It may not be commanding the price of a 3 Series, much to Cadillac's dismay, but the Cadillac ATS has certainly received critical praise and definitely appeals to younger buyers as well as older ones, which to me seems more market-friendly versus the 3, which is fairly solidly considered a younger driver's car.

Full disclosure: I'm 39 and I just got an ATS 2.0T. Okay, not me, the SO -- she wanted a sedan and dislikes BMWs almost as much as I do (I just don't get their appeal). She's 36. I'm pretty sure she's younger than your dad.
posted by linux at 11:13 PM on September 27, 2013 [1 favorite]


Wetzel wanted car design and engineering to be more like software development
Speaking as a software developer: NOOOOOOOOOOOOOOO!!!
posted by TheophileEscargot at 1:11 AM on September 28, 2013 [3 favorites]


I'm young. I drive relatively little --maybe 8k miles a year. I won't buy anything that gets worse than 30 mpg. My parking spot is oddly tiny. I need a car that won't murder me on snow and ice. I can spend up to 25k. I expect to drive the same car for 8-10 years. Does GM make a single model that I would want? Anything in vaguely the same class as a Focus/Civic/Impreza/Prius?
posted by miyabo at 6:31 AM on September 28, 2013


Dunno.. .seems to me that if there was anything that GM needed at the time of their restructuring, it was actually to be a lot more like its top competitors.
posted by markkraft at 7:01 AM on September 28, 2013


It's a problem that plagues today's auto industry, where you often can't tell vehicles from different manufacturers apart in a parking lot without looking at the name plate.

Also, the 2013 Impala looks like a 1992 Corolla.

All cars started looking like lumpy Extra Strength Tylenol caplets in the late 90s. The trend has continued, with major changes in the following decade involving raising the window line which gives a sort of 'squeezed' appearance from the side, and a cramped feeling as a passenger; and increasingly sloped windshields producing really large dashboard tops. (I assume these designs became standard due to fuel efficiency and safety trends or requirements, but the styling they yield is awful).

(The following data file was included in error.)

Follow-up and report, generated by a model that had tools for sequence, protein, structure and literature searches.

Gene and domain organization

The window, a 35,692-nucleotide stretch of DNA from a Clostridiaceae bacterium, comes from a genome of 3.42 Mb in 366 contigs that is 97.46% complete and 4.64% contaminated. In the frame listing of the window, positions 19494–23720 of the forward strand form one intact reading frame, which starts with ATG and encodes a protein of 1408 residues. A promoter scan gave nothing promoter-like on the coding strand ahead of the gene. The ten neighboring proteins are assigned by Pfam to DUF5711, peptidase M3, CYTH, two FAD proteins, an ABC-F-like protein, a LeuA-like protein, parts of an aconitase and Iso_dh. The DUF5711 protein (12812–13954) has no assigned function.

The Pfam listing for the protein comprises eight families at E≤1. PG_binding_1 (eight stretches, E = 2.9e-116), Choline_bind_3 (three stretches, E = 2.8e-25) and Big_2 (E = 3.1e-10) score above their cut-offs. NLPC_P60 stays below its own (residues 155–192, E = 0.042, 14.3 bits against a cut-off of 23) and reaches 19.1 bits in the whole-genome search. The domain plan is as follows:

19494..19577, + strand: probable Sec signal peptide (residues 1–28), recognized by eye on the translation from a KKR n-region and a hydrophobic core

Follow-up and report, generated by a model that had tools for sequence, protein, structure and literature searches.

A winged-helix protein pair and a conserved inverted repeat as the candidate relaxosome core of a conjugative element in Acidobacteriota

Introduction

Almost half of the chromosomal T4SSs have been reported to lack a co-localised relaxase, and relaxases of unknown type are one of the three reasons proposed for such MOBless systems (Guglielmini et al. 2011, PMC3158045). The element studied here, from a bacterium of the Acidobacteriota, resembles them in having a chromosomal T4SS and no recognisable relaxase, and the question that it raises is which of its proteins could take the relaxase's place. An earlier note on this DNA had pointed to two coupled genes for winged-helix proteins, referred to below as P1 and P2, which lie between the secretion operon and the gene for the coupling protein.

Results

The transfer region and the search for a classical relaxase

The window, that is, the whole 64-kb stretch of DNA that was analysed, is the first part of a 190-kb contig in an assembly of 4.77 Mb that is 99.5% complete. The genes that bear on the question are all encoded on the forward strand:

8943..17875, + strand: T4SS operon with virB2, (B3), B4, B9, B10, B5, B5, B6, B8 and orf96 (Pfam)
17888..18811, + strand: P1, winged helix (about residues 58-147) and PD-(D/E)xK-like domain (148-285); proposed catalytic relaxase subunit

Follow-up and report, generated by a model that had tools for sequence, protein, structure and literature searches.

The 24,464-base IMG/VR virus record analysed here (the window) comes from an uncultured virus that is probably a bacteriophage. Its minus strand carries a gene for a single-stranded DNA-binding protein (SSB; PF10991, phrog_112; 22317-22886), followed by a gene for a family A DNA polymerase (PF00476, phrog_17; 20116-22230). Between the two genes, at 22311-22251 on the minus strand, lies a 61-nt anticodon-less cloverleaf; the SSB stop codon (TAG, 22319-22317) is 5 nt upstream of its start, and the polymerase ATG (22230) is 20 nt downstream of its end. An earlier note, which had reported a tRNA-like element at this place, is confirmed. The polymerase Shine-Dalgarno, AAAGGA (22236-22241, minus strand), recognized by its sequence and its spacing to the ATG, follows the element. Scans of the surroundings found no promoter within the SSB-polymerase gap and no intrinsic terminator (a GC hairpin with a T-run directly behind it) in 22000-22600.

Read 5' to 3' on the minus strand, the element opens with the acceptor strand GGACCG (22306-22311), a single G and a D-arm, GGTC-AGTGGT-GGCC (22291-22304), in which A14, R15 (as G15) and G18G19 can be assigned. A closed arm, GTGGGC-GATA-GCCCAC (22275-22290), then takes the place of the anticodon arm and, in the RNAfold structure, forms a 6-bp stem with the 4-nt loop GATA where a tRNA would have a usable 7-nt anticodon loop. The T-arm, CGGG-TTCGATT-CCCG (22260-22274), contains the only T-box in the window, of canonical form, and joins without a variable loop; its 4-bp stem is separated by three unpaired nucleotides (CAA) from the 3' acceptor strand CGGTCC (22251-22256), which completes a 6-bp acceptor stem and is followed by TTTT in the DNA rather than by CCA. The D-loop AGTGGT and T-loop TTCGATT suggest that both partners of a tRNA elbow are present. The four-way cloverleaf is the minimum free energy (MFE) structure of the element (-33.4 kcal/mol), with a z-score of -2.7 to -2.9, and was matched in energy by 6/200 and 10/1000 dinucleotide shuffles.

Then recently it seems like the manufacturers have started to try and re-differentiate and get some angular elements back in by adding various flares and ridges of questionable aerodynamic or structural purpose, and cheap metallicized plastic accents, etc. Which look misbegotten when slapped on the ovals-on-ovals bodies of today. Like the new Charger or Camaro, with their superficial ersatz-throwback muscle car accents that struck me as cartoonish from the get-go. Or the flares and ridges on recent BMWs, which look like they've been given too much Botox.
posted by snuffleupagus at 8:19 AM on September 28, 2013


I'm young. I drive relatively little --maybe 8k miles a year. I won't buy anything that gets worse than 30 mpg. My parking spot is oddly tiny. I need a car that won't murder me on snow and ice. I can spend up to 25k. I expect to drive the same car for 8-10 years. Does GM make a single model that I would want? Anything in vaguely the same class as a Focus/Civic/Impreza/Prius?

Chevrolet Cruze, Sonic and Spark.

With regards to snow and ice, get better tires and any modern car should acquit itself decently.
posted by linux at 9:07 AM on September 28, 2013 [1 favorite]


General Motors is literally tearing its competition to bits ...so its 3D scanning can reverse-engineer others' vehicles, increasing speed to market. 'All this technical innovation makes it easier for GM to react to competition faster and push innovations out rapidly

Well, it works for Samsung.
posted by empath at 7:01 AM on September 29, 2013


Well, to be honest it's been a few years since I've paid any attention to Mercedes, so yeah, my impressions are from the past, but back then there were serious QC issues with them - and I mean serious, like at some point lagging somewhere at the bottom of quality surveys.

VikingSword, my last comment was tongue-in-cheek, but you're absolutely right about what happened to Mercedes quality. From what I've heard, they decided at some point in the 1990s that their cars were over-engineered, and that they could make a lot more money by cutting back on quality while charging the same price. The results were pretty disastrous for them. I think they're better now, but why would you risk your brand like that? Stupid and short-sighted.
posted by Dasein at 9:29 AM on September 30, 2013


I'm young. I drive relatively little --maybe 8k miles a year. I won't buy anything that gets worse than 30 mpg. My parking spot is oddly tiny. I need a car that won't murder me on snow and ice. I can spend up to 25k. I expect to drive the same car for 8-10 years. Does GM make a single model that I would want? Anything in vaguely the same class as a Focus/Civic/Impreza/Prius?

Chevrolet is bringing out a diesel Cruze that they say will get 56 mpg on the highway, and the thing about diesel is that unlike gas you can actually acheive the rated fuel economy in real-world driving. (The reviewers in the linked article also got better than 32 mpg in the city.)

As for snow and ice, don't worry about AWD, just get a good set of winter tires.
posted by Dasein at 9:39 AM on September 30, 2013